I was with friends yesterday visiting the Royal Academy‘s current exhibition of Giorgione “In the Age of Giorgione” and I was asked about this provocative depiction of Saint Agatha by Giovanni Cariani
To be honest I couldn’t remember whether Saint Agatha had, like St Lucia, mutilated her own body to make herself less attractive to a prospective spouse, or whether severing her breasts was part of her torture by the Romans to persuade this Sicilian beauty to renounce Christianity. According to her legend, the latter was the case.
The provenance of this painting is that it is believed to have been painted in Venice between 1510-15 by Giovanni Cariani , an artist born near Bergamo, who was also known as Giovanni Busi or Il Cariani.
The sitter, who might well have been called Agatha, is wearing clothing that would have been fashionable in Renaissance Venice during that period, and the hilltop town depicted through the arch behind her could have been the town where she was born and brought up before her marriage, or possibly Bergamo ,where the artist was known to have been working a little later in his career?
As always with Renaissance portraits this image tells us about the sitter as well as the Saint she is portraying. She looks resolute as she fondles one of her own breasts on a plate, fastidiously holding the palm frond, the symbol of her martyrdom, upright between them. One could imagine that she is proud of her bright silk and satin clothing and her namesakes victory over her Roman persecutors – but not necessarily concerned about having her beauty idealised for her portrait.
Saint Agatha, as a virgin martyr, was rather a popular subject amongst painters of Christian Martyrs because it gave them an opportunity to paint a suffering female in the nude, as demonstrated by this painting of her, done by one of Giorgione’s pupils, Sebastiono del Piombo.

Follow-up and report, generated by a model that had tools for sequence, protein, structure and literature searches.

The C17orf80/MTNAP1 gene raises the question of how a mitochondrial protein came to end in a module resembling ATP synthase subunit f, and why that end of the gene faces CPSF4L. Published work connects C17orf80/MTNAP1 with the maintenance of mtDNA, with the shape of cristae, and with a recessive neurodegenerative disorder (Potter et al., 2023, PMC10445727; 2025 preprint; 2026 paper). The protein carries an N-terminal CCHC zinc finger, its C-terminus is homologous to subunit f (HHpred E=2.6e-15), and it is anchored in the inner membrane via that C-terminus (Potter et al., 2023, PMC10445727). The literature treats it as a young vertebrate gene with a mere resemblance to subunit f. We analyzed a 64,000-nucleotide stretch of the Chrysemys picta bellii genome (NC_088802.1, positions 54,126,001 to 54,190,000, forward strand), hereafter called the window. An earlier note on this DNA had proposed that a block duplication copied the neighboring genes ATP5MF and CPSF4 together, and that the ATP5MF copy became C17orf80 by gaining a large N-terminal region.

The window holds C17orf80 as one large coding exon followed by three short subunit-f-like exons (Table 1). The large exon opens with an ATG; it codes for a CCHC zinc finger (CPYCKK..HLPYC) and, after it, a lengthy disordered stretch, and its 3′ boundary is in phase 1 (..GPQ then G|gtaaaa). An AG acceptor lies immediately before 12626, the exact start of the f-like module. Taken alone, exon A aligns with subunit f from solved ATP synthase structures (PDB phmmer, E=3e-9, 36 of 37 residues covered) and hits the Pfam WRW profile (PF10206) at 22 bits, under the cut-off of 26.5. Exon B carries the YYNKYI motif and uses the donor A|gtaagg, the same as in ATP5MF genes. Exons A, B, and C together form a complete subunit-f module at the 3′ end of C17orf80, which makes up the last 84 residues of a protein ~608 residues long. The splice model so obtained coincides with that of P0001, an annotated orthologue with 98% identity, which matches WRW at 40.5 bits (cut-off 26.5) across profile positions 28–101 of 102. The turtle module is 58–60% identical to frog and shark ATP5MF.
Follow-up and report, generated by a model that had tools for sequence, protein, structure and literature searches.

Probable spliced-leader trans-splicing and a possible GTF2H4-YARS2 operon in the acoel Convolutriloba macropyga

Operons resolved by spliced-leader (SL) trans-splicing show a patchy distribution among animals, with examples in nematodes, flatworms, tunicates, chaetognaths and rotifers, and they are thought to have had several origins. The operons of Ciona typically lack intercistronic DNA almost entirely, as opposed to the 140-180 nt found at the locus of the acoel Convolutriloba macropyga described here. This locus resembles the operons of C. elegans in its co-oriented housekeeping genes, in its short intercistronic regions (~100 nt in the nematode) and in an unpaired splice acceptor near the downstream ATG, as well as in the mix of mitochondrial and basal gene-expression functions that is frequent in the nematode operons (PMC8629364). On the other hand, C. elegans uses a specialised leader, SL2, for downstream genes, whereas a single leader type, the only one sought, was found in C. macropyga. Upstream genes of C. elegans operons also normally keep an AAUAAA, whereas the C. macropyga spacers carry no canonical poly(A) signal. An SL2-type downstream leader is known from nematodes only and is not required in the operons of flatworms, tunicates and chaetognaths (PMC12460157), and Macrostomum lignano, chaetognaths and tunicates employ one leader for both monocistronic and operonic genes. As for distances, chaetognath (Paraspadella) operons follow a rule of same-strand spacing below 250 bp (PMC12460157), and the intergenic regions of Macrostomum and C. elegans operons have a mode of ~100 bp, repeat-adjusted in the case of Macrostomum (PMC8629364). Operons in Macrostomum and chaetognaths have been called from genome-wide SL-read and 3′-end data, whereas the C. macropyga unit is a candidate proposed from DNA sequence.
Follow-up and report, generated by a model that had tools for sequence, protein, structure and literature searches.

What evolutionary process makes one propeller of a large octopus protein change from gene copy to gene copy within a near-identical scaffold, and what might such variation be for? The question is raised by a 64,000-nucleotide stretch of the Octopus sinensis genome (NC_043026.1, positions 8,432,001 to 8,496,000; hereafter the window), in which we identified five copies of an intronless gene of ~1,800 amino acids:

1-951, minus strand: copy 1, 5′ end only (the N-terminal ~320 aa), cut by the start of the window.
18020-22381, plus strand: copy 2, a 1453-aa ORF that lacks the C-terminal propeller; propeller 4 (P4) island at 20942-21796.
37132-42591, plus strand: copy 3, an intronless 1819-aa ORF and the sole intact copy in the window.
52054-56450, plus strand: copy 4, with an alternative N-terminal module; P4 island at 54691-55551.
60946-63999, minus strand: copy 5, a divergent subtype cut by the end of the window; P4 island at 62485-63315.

The instruments used to tweak Agatha’s breasts are similar to those used to remove the nails from Christ’s hands and feet after his deposition so she is linked to Christ through her suffering.
Note pliers on the cross
Agatha must have been brave indeed to endure the agony of this mutilation without tears or screaming.
Her post-life reward is to be remembered as the patron saint of Catania, where she was born and buried, as well as Molise, Malta, San Marino, and Zamarramala, a municipality of the Province of Segovia in Spain.
She must be busy in the after-life dealing with the supplications of the breast cancer patients, martyrs, wet nurses, bell-founders and bakers, as well as those faced with fire, earthquakes, and eruptions of Mount Etna – for all of whom she is the Patron Saint.
The Giorgione Exhibition hosts a few works by this short-lived artist, but it also features the many artists who followed his fine example in portraits, landscapes, and devotional works.
It culminates with his extraordinary portrait of La Vecchia, holding a paper bearing the grim notice “Col Tempo” – Not quite Hamlet with his skull but the same unhappy message “Let her paint an inch thick – to this end she will come!”
The Exhibition continues at the Royal Academy until the 5th June 2016.